Wednesday, September 28, 2022

Surprising Fact about Inequality

"Europe's lower inequality levels cannot be explained by more equalizing tax and transfer systems. After accounting for indirect taxes and in-kind transfers, the US redistributes a greater share of national income to low-income groups than any European country."

Tuesday, September 13, 2022

Econ Teaching Conference

I will be speaking at he 18th Annual Economics Teaching Conference sponsored by the National Economics Teaching Association (NETA) and Cengage, to be held Thursday evening the 27th and Friday the 28th of October in Atlanta. For more information, click here. Space is limited, so if you are interested, register early.

Sunday, August 21, 2022

Noteworthy research on recent inflation

This paper from the Bank of England is interesting. A tidbit:

Inflation rates across firms have become more dispersed and skewed since the start of the pandemic. We find that average price inflation is positively correlated with the dispersion and skewness of the distribution.

Friday, August 05, 2022

The Inflation Impact of the Inflation Reduction Act

According to CBO:

In calendar year 2022, enacting the bill would have a negligible effect on inflation, in CBO’s assessment. In calendar year 2023, inflation would probably be between 0.1 percentage point lower and 0.1 percentage point higher under the bill than it would be under current law.

Sunday, July 24, 2022

Piketty in Brief

I just read Thomas Piketty's latest book, A Brief History of Equality. It is the best window into Piketty's thinking to date in part because it is, unlike his previous books, mercifully short (244 pages, not counting the appendix).

Of course, Piketty's thinking is very different from mine. Words like supply, demand, comparative advantage, and the mutual gains from trade are almost entirely absent from his book. Instead, we hear a lot about political power and exploitation of the weak by the strong. In Piketty's worldview, the standard undergraduate textbook in economics is largely a non sequitur. So is Adam Smith's The Wealth of Nations.

This new book purports to summarize the key points of the massive volumes that Piketty has previously written. What I found most interesting, therefore, was what was not included. Piketty does not mention "the central contradiction of capitalism," to use the phrase from his book Capital in the 21st Century. In that earlier book, we were told that r>g leads to an "endless inegalitarian spiral." For reasons I explained here, I always thought that this claim was absurd.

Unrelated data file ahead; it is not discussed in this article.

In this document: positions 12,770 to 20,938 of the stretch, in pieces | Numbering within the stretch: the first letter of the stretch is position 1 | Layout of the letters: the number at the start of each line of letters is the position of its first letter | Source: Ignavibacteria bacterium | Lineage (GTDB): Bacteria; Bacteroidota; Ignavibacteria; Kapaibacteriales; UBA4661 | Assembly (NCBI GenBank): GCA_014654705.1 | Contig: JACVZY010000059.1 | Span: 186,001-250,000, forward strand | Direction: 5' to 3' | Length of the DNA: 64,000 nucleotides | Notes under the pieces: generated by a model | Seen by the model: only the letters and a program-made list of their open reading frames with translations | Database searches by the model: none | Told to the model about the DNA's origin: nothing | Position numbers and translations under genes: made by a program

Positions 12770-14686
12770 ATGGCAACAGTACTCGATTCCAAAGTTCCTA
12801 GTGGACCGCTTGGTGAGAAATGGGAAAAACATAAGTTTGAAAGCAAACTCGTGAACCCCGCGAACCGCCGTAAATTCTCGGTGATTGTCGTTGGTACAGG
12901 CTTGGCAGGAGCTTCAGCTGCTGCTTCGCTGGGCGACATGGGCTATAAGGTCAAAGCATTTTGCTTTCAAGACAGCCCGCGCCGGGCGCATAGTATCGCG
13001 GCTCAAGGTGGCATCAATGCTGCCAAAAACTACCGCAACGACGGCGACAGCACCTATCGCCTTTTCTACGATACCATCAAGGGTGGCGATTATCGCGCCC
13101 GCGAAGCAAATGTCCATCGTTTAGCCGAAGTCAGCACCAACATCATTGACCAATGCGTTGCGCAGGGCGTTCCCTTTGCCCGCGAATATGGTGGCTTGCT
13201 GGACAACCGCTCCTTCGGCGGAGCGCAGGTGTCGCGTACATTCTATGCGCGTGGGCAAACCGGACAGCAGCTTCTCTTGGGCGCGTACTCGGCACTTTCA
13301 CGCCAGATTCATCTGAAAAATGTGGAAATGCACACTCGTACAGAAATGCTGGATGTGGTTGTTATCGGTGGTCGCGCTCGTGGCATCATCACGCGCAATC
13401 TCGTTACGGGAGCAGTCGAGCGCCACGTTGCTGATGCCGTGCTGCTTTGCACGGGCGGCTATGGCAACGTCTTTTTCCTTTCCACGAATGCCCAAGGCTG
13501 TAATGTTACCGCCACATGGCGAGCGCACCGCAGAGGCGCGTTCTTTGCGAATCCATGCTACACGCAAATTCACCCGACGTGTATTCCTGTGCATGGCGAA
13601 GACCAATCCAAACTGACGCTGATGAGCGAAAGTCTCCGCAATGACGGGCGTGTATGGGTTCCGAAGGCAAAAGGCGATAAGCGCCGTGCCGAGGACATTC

Why is this major theme from the earlier book omitted in this new one? Has Piketty tacitly recanted? It is hard to say.

Tuesday, July 19, 2022

The Parent Trap

I just finished reading The Parent Trap: How to Stop Overloading Parents and Fix Our Inequality Crisis by Nate Hilger. Some years ago, Nate was a Harvard student, who I knew only slightly, and he was nice enough to send me a copy. I can report that it is terrific--smartly argued and very well written. The basic theme is that society needs to do more to help children build skills outside of the normal school day.

I balked at the last chapter, which seems to suggest that if you don't agree with the foregoing arguments, you are either ignorant or racist. Of course, Nate says that more diplomatically than I just did, but that is what I took away from it. Before that, however, the book drew me in and was largely persuasive. It deserves to be widely read.

Tuesday, June 21, 2022

Three Reasons Why a Gas Tax Holiday is a Bad Idea

News reports say the President Biden may propose a temporary reduction in the gasoline tax, and Secretary Yellen over the weekend said the idea is "worth considering." I would say the idea is worth rejecting, for three reasons.

  1. Putting more money in peoples' pockets with any kind of tax cut would increase aggregate demand. It would thereby undermine the Fed's program to get inflation under control.
  2. The incidence of the tax cut would fall partly on producers rather than consumers, depending on the elasticities of supply and demand. If it is true that refiners are near capacity, as reports suggest, then supply is relatively inelastic. That means the tax reduction would mainly benefit producers.
  3. Given all the externalities associated with driving (climate change, congestion, accidents), the existing gasoline tax is below the optimal Pigovian level. Reducing it would move the tax system in a less efficient direction, That is, it would encourage people to drive more, exacerbating the negative externalities.

Sunday, June 12, 2022

Take Me Out

I am so happy that my college roommate's play Take Me Out just won the Tony Award for Best Revival of a Play. Congratulations, Richard!

Tuesday, May 24, 2022

Market Power in Neoclassical Growth Models

My paper with the above title, coauthored with Larry Ball, is now forthcoming in The Review of Economic Studies. You can find the revised version by clicking here.

Friday, May 06, 2022

An Inflation Puzzle

A common story about the recent inflation surge in the United States--especially among members of Team Transitory--is that the surge is largely due to global supply shocks, such as rising energy prices, chip shortages, and various bottlenecks in the wake of the worldwide pandemic. Why then do we not see a similar inflation surge in Japan? There, inflation is running at about the same rate as it was pre-pandemic. See below. (Click on image to enlarge.) I am puzzled.



Thursday, May 05, 2022

My Latest

Click here to read my new working paper, Government Debt and Capital Accumulation in an Era of Low Interest Rates.

Wednesday, March 30, 2022

Webinar Tomorrow

Tomorrow, I will be giving a webinar on the 40-year decline in real interest rates. If you are interested, click here.